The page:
How Do You Become an Oblate?
When women and men first begin to consider oblation, they contact our oblate director, Sr Mary John Seyler, OSB, to discuss what it involves and whether it is right for them. If it seems right, they can be enrolled as novice oblates for one year during a ceremony at Holy Angels Convent. Throughout that year, they follow the basic requirements of the program and continue to discern if the Benedictine Way is God’s will for them. Novice oblates may choose to extend this period of discernment to make certain of their calling. Finally, at an oblation ceremony at Holy Angels Convent, they promise to seek God in their lives according to “the Gospel as interpreted by St Benedict in his Rule.”
If you are interested in learning more about our oblate program, please contact Sr Mary John Seyler, OSB, at
What Does an Oblate Do?
Oblates are people of prayer: most of them learn and pray the Liturgy of the Hours daily. At Holy Angels Convent, all oblates are assigned a Sister to be their prayer partner and to provide personal encouragement. Oblates receive a monthly newsletter that includes teaching on Benedictine values, the liturgy, and similar topics. Three times a year—in March, July, and October—oblates are encouraged to come to Holy Angels for a spirituality weekend of informative talks and Benedictine hospitality. They are also welcome to come at other times of the year for private prayer. Oblates are also occasionally invited to volunteer at the convent or take part in other service projects.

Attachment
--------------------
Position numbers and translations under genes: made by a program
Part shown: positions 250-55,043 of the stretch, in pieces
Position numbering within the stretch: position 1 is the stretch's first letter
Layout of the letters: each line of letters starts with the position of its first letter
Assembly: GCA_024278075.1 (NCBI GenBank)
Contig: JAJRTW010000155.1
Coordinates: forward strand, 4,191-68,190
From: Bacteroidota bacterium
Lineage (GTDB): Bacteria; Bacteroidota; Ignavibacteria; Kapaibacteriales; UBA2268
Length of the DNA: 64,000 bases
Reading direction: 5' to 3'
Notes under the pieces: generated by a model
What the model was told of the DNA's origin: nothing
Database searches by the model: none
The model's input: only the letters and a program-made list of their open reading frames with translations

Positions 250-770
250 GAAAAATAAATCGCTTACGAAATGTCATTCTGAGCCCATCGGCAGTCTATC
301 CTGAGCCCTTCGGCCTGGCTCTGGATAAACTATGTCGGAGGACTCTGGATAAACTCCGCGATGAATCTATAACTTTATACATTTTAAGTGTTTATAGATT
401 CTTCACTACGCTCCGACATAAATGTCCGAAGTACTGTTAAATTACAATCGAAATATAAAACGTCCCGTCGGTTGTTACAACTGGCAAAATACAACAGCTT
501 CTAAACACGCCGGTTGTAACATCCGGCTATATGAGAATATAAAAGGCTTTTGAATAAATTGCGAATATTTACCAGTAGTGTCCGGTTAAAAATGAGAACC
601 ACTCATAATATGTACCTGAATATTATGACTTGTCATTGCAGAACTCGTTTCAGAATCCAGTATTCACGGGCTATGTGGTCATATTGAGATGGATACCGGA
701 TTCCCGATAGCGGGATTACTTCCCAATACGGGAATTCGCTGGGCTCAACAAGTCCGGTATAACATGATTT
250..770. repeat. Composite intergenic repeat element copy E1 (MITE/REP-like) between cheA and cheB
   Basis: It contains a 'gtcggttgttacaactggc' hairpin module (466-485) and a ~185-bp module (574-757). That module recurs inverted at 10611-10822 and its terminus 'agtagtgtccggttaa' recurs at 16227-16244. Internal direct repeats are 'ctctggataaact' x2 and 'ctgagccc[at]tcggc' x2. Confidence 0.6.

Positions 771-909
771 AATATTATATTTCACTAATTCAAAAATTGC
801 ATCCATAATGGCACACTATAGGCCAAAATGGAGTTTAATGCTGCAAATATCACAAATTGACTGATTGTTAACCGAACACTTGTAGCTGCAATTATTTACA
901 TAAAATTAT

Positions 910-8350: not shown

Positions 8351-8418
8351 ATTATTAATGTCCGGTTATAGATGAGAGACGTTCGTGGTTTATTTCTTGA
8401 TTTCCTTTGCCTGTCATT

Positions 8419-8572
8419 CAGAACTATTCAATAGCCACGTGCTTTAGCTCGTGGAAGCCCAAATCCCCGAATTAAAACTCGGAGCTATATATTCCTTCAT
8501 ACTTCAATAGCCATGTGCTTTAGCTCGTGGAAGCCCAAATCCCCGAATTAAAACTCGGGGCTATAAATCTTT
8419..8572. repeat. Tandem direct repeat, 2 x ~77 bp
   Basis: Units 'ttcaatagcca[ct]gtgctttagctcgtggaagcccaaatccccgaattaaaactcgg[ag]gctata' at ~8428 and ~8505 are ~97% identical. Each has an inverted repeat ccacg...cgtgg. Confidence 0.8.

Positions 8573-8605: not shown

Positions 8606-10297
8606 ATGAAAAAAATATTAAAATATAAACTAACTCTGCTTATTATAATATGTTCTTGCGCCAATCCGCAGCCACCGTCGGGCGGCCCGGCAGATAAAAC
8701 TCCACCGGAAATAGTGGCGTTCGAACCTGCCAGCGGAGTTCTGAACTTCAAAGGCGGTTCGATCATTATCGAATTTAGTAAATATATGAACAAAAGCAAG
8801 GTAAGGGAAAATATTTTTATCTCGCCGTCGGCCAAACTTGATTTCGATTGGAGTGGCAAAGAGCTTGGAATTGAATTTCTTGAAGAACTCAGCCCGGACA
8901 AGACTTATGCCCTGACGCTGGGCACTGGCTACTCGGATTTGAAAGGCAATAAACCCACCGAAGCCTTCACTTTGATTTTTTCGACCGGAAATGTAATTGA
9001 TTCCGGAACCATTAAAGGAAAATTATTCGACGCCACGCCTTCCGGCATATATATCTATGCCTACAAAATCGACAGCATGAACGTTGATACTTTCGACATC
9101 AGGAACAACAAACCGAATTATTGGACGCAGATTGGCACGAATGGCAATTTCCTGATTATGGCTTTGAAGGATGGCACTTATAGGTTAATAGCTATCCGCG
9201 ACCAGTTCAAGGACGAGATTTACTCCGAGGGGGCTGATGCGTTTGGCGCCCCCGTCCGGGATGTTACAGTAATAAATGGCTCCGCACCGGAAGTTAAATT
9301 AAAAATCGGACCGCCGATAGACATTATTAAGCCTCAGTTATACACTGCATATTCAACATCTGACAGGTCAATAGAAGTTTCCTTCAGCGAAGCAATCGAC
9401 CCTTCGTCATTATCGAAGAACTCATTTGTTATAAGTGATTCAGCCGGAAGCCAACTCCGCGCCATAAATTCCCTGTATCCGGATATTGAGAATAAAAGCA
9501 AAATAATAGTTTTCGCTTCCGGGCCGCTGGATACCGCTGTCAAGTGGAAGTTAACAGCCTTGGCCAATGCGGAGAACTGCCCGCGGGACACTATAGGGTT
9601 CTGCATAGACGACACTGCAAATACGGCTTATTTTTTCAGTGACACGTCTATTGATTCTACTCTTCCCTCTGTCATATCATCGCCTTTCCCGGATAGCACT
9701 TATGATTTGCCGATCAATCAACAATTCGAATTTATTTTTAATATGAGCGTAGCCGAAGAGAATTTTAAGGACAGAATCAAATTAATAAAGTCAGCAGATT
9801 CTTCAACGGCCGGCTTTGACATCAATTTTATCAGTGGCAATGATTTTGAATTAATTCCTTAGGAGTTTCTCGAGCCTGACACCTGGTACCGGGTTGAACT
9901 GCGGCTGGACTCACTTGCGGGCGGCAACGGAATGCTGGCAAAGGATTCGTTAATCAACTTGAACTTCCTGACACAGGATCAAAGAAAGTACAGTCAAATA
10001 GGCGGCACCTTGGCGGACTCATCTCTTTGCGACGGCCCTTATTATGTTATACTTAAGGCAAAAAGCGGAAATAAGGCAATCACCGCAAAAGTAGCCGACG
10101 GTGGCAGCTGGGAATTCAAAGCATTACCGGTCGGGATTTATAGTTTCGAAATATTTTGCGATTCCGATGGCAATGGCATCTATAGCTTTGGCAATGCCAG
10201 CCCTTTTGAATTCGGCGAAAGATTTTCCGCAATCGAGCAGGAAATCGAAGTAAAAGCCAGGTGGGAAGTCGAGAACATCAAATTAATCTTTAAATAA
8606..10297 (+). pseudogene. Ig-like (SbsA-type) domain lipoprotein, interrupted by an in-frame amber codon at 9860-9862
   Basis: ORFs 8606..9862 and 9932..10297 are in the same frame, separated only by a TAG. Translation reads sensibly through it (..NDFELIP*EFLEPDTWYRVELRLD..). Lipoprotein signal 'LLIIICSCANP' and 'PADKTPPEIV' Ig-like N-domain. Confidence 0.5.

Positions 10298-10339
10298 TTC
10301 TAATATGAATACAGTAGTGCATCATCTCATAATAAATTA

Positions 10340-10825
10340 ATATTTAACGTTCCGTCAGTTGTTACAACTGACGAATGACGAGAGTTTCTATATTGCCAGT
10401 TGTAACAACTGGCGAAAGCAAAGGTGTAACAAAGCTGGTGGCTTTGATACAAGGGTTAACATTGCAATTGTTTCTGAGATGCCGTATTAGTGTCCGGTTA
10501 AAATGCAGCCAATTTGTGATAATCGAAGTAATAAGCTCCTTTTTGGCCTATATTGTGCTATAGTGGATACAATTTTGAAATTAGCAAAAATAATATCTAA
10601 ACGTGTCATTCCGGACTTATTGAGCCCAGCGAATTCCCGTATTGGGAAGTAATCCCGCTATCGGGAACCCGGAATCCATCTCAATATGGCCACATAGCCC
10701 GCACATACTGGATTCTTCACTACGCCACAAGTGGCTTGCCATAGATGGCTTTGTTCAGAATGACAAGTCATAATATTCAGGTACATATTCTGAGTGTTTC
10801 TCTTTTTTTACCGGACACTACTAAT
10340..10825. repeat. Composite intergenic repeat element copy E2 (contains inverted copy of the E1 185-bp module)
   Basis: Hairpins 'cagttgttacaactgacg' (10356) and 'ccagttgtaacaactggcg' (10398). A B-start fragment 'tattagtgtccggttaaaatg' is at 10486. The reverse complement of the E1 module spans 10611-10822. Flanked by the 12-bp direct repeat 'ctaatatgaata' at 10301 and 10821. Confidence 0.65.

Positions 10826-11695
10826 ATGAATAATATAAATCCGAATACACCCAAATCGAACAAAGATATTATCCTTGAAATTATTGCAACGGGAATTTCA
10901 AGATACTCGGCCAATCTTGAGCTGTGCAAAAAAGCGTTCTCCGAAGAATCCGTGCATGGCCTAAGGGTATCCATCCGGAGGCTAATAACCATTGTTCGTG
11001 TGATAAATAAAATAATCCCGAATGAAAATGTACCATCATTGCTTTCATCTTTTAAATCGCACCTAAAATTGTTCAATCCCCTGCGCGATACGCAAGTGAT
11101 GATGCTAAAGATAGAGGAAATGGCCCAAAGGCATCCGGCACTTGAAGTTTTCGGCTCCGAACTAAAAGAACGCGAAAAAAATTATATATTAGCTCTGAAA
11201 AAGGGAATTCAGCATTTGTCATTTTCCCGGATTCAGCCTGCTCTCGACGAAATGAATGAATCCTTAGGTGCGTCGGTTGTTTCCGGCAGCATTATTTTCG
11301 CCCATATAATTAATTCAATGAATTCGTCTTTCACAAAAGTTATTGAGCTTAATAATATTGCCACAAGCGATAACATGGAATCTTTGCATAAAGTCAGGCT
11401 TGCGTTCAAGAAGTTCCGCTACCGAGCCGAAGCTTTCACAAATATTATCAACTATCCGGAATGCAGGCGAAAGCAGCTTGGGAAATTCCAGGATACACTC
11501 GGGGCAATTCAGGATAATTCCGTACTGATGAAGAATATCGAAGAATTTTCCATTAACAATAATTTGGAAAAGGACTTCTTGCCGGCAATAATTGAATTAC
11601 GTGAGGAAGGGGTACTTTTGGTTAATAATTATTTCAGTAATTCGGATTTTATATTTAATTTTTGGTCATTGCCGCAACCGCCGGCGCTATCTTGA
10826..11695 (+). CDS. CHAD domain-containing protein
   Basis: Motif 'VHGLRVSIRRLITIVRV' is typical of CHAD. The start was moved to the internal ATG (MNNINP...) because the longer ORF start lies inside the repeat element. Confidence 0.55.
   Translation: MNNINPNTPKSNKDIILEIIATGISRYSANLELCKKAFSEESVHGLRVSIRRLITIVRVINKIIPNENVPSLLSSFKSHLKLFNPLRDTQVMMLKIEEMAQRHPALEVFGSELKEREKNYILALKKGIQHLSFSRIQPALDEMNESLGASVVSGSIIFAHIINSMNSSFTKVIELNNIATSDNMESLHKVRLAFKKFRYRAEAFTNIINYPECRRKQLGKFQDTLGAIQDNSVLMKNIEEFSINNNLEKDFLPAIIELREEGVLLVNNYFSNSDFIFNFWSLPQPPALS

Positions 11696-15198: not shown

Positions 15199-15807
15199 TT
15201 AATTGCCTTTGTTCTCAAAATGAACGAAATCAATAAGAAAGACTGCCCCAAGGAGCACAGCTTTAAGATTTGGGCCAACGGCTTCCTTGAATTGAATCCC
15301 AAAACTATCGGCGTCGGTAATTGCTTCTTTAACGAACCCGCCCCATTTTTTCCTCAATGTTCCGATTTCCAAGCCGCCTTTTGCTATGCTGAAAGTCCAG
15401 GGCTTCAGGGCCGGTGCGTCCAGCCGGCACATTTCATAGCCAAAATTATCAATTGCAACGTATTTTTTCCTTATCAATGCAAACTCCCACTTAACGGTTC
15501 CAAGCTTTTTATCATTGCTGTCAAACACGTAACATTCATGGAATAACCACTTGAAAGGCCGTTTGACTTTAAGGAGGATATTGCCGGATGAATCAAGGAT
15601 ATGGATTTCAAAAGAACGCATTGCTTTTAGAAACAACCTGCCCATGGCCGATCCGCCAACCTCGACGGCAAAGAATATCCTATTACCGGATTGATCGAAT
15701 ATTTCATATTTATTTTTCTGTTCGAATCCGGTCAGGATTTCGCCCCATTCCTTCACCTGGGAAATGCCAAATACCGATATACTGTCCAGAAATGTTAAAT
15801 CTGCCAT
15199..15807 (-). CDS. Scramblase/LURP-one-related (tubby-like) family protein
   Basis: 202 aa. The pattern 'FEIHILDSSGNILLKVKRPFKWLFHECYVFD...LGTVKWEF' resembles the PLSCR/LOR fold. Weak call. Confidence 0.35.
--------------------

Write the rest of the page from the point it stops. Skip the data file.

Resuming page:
What Are Benedictine Values?
The Oblate Prayer
O Loving God, I ask your blessing this day on all the Oblates of Saint Benedict and those with whom we are affiliated. Help us to become people of prayer and peace. Though scattered far and wide, help us to be together in the spirit of your love. Give us hearts wide enough to embrace each other as well as those whose lives we touch. Enable us to listen and to learn from each other and those around us each day. May we be models in our homes, neighborhoods, and communities of wise stewardship, dignified human labor, sacred leisure, and reverence for all living things. Above all, O God, may our presence among others be a constant witness of justice, compassion and hope to all. Amen.
1. Vatican Information Service2. International Benedictine Oblates 3. OSB Website Resources 4. North American Association of Oblate Directors and Oblates 5. Diocese of Little Rock, AR